The American Lutheran Church and the Lutheran Church in America had begun ordaining women in 1970 and the Association of Evangelical Lutheran Churches would follow a few years later. Women kept responding to God’s call, even when churches through the ages said, “Can’t you wait a few more years, decades, centuries?”
There were all kinds of fears and barriers in the 1970s in reaction to women being ordained as pastors in Lutheran and other church bodies: “Jesus was a man; women cannot represent Jesus.” “If we ordain women, all the men will leave the church.” “What will happen to your children?” (They turned out fine, thank you.) “These women are Communists.”
Of course there were fears, but they were unfounded. Women did not want to take over the church or push out men. Women’s goal was inclusion and partnership, not hierarchical power.
On Oct. 5, 2013, with the welcoming words of Bishop Mark Hanson and the entire ELCA, with brass horns, a procession with candles and cross made its way up the center aisle to welcome Bishop Elizabeth Eaton at the door of the chapel. Red banner ribbons furled overhead. Signers were singing. Everyone proclaimed, “Christ is made the sure foundation.” I saw historian Martin Marty’s face in the crowd.
Vice President Rodney Sprang and Secretary John Sleasman of the Northeastern Ohio Synod of the ELCA said, “We bring before you the Reverend Elizabeth Eaton who has served among us faithfully as our bishop, chief pastor, and sister in Christ … we send her forth to serve as the presiding bishop of the Evangelical Lutheran Church in America.” There were tears in my eyes.
In Thanksgiving for Baptism we were reminded as sisters and brothers, “God frees us from the bondage of sin, unites us together as one body, and calls us forth to new life and mission in the world.” To the Canticle of Praise, Elizabeth was led into the chapel as the assembly was sprinkled with baptismal waters by Presiding Minister Mark Hanson, Preacher Jessica Crist and Assisting Minister Yolanda Tanner, vice-president of the ELCA Delaware-Maryland Synod.
The First Lesson, Isaiah 42:5-9, was read by Rev. Chienyu Jade Li in Chinese: “I have given you as a covenant to the people … To bring out from the prison those who sit in darkness …”
The soloist led in chanting Psalm 121, “My help comes from the Lord.”
Of course, of course.
“The lord will watch over you … from this time forth forever more.”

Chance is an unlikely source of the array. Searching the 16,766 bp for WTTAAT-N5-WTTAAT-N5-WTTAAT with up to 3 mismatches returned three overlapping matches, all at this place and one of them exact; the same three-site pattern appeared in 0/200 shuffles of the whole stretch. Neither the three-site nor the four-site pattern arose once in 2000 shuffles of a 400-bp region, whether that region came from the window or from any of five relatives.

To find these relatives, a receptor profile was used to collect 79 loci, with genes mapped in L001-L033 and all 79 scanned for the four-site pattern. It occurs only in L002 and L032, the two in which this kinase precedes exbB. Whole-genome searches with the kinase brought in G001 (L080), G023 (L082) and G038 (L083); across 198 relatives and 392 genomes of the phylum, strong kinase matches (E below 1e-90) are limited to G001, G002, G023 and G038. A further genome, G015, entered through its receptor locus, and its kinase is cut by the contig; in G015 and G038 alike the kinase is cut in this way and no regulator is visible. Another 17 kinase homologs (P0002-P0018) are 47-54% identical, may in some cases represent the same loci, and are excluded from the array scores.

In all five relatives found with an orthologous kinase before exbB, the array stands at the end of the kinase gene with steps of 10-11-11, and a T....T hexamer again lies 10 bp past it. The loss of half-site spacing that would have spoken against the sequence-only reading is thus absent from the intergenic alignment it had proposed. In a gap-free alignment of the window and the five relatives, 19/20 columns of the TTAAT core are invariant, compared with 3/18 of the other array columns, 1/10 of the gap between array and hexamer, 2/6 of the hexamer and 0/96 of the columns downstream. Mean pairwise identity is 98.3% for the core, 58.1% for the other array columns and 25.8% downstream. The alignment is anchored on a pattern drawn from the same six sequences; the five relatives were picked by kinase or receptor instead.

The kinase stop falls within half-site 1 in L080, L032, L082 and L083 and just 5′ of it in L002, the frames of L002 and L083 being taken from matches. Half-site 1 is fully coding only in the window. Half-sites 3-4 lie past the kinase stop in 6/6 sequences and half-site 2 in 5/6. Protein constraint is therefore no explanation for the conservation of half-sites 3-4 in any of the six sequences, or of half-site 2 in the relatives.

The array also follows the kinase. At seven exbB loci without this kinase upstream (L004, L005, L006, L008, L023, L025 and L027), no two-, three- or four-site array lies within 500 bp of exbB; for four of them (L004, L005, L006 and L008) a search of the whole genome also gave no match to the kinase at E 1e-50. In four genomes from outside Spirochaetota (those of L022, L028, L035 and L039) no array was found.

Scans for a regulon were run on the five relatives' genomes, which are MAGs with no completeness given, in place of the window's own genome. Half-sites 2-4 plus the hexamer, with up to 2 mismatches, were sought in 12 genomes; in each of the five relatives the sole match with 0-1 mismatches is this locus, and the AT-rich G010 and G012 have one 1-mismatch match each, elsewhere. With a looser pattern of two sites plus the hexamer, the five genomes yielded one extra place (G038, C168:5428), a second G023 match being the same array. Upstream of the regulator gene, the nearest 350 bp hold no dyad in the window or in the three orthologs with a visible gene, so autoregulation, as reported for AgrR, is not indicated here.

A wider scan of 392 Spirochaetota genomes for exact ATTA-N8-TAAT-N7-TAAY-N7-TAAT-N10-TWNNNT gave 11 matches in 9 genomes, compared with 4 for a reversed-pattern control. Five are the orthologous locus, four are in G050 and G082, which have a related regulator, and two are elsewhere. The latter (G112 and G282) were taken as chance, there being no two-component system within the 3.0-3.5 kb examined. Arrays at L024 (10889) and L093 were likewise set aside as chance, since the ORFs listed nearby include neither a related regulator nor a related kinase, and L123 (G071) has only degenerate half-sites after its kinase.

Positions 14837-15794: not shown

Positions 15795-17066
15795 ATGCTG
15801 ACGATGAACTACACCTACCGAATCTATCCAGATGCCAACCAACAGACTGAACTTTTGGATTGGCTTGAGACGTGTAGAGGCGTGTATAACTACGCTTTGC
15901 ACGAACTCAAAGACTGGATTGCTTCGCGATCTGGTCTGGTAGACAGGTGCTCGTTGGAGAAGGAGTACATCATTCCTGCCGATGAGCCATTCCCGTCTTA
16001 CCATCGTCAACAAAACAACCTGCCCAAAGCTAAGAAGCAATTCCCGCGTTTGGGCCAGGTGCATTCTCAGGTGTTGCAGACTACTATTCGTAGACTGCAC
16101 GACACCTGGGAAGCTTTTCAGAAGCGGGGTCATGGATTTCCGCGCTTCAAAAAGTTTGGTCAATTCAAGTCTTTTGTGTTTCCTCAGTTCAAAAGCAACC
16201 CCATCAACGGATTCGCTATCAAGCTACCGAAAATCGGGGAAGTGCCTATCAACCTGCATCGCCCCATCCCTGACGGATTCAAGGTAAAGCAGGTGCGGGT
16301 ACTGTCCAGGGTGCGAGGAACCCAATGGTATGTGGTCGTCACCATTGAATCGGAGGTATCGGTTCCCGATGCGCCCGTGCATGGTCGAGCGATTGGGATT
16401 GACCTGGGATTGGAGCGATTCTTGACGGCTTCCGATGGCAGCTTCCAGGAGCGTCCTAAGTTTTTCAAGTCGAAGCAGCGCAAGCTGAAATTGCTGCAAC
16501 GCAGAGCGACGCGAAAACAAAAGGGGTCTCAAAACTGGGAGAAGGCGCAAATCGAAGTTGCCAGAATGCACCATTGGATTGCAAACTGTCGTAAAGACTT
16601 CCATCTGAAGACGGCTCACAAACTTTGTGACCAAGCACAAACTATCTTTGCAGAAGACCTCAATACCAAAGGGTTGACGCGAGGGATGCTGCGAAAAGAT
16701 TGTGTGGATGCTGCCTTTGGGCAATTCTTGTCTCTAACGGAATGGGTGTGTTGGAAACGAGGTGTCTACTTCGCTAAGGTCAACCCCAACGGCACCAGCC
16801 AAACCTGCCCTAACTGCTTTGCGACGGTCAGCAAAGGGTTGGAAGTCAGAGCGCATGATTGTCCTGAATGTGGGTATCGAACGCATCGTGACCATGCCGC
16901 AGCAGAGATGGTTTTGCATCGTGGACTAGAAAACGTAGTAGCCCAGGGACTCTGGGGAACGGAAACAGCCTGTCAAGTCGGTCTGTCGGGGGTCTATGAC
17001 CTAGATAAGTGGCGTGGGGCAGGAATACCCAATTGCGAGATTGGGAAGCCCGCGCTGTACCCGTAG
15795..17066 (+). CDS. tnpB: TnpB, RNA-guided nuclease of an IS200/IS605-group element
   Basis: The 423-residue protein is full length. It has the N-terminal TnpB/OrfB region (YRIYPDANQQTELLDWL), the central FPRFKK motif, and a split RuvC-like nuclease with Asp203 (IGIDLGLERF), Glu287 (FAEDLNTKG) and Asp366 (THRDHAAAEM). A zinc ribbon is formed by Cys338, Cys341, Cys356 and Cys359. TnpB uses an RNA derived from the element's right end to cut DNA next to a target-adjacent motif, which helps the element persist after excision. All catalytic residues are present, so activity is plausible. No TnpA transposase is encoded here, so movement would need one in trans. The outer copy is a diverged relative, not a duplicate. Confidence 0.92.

The Second Lesson, 2 Corinthians 4:1-12 was read by Dina Tannous Vega in Arabic. “Since it is by God’s mercy that we are engaged in this ministry, we do not lose heart …”
In the Gospel procession and acclamation, “Halle, Halle, Hallelujah,” global women’s voices sang, “How beautiful upon the mountains are the feet of the messenger who announces peace, who brings good news, who announces salvation.”
Of course, of course.
Conrad Selnick, an Episcopal priest and husband of Bishop Elizabeth Eaton, read the Gospel, Mark 4:1-9.
Of course. Ecumenical partner and marriage partner, he represented ecumenical and full communion guests and family of Bishop Eaton this day as he also served communion.
At my ordination in 1977 in the chapel of Yale Divinity School, a very ecumenical setting, my husband, Burton Everist, a pastor, preached. Various people from all three predecessor bodies of the ELCA had tried to stop or impede my ordination. Roger Fjeld of the American Lutheran Church prevailed and presided at the ordination rite.
Just a few years before, July 29, 1974, Burton and I had attended the service where 11 women were “irregularly” ordained priests in The Episcopal Church in the Church of the Advocate in Philadelphia, with 2,000 in attendance. The ordinations were considered “invalid,” but one of the four bishops who participated said the ordination event “stands as a prophetic witness on behalf of and for the oppressed.” The service was interrupted by those who stood in opposition.
One of those 11 women participated in solidarity at my ordination at Yale three years later.